Green Flies High at California Airport

Green Flies High at California Airport

Efforts to green the Mineta San Jose International Airport, where a $1 billion-plus expansion project is under way, are already paying off.

So say the airport and some of its major vendors in the project.

Deployment of high-performance energy efficiency software to manage the airport's HVAC system, coupled with an addition and an upgrade to the facility's array of chillers, have yielded more than $35,000 in savings from utility costs in the first five months of operation.

The measures have also saved 235,000 kilowatt hours (kWh) of electricity and reduced the carbon footprint for the facility by almost 300,000 pounds of CO2 during the same period, according to Optimum Energy, the provider of the software solution, and the airport.

Mineta San Jose International Airport's vision of its new Terminal B. Image courtesy of the airport
The work on the chiller system, overseen by the WSP Flack + Kurtz engineering services firm, included adding a new 1,100-ton chiller unit at the facility's central plant and upgrading two 450-ton chillers by installing variable frequency drives and readjusting air handling units.

The OptimumLOOP efficiency management software was put in place after the upgrades were complete. Since system has been online, the chiller plant has reduced its average kW/ton from 1.23 kW/ton to 0.65 kW/ton, a 47 percent reduction.
An artist's rendering of the new North Concourse for Terminal B. Image courtesy of the airport
The airport is undertaking a major overhaul that includes construction of a new terminal, road improvements and remodeling of its existing Terminal A.

Work on the new section, which will be a new Terminal B with an adjoining concourse, and demolition of Terminal C are scheduled for completion in 2010.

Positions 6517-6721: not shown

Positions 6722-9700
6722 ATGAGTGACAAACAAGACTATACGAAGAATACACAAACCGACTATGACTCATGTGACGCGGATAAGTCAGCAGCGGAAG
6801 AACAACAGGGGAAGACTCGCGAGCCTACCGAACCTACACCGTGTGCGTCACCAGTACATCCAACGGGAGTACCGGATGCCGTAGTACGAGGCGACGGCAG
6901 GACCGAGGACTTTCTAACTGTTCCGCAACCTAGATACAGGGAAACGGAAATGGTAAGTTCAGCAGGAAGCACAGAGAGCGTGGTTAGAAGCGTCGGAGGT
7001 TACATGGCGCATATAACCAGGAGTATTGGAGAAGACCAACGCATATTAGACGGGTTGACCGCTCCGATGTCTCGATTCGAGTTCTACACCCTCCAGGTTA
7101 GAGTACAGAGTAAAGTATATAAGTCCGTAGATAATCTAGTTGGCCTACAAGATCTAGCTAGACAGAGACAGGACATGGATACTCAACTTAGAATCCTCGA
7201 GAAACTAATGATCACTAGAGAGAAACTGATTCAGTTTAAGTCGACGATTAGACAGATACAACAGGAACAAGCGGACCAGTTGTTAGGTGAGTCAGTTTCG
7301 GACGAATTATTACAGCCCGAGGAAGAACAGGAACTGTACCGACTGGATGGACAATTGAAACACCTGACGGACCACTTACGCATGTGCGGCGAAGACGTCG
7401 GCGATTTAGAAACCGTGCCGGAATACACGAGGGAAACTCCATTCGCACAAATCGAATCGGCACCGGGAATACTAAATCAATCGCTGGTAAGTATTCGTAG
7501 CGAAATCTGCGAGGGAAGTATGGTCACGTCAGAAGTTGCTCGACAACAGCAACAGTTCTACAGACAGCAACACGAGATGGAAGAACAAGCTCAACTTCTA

The project to revamp Terminal A got a boost in March, when the facility was awarded a $4.6 million grant to install airport and ground service equipment under the Federal Aviation Administration's Voluntary Airport Low Emissions Program, which has a goal of improving air quality.

Other improvements at the airport include installation of new thin-panel lighted signs that are more energy efficient without compromising legibility. The airport chose high tech signs that are designed by local firm Silicon Constellations of Santa Clara, feature its Noveseo light modules and have Luxeon technology by Philips Lumileds at their core.

The signs are two-sided, four inches deep -- about half the depth of conventional signs -- and are now the thinnest on the market. A case study on the signs designed for airport is available here. The technology used in the signs has been shown to reduce energy consumption by more than 70 percent compared to standard signs that use fluorescent or neon backlighting.
A super-thin airport sign. Image courtesy of the airport and Philips
The first batch of signs were installed at an outdoor ground transportation island at the airport. Three hundred will be built and installed at the facility.

The project to expand the airport and make its operations more environmentally responsible is part of San Jose's broader effort to green the city.

A key element of Mayor Chuck Reed's sweeping 10-point Green Vision calls for the green construction or retrofitting of 50 million square feet of building space by 2022.
San Jose City Hall Image courtesy of the City of San Jose
San Jose celebrated progress toward that goal last month when its City Hall, which encompasses 700,000 square feet, became the first to achieve a LEED-Platinum rating for existing buildings.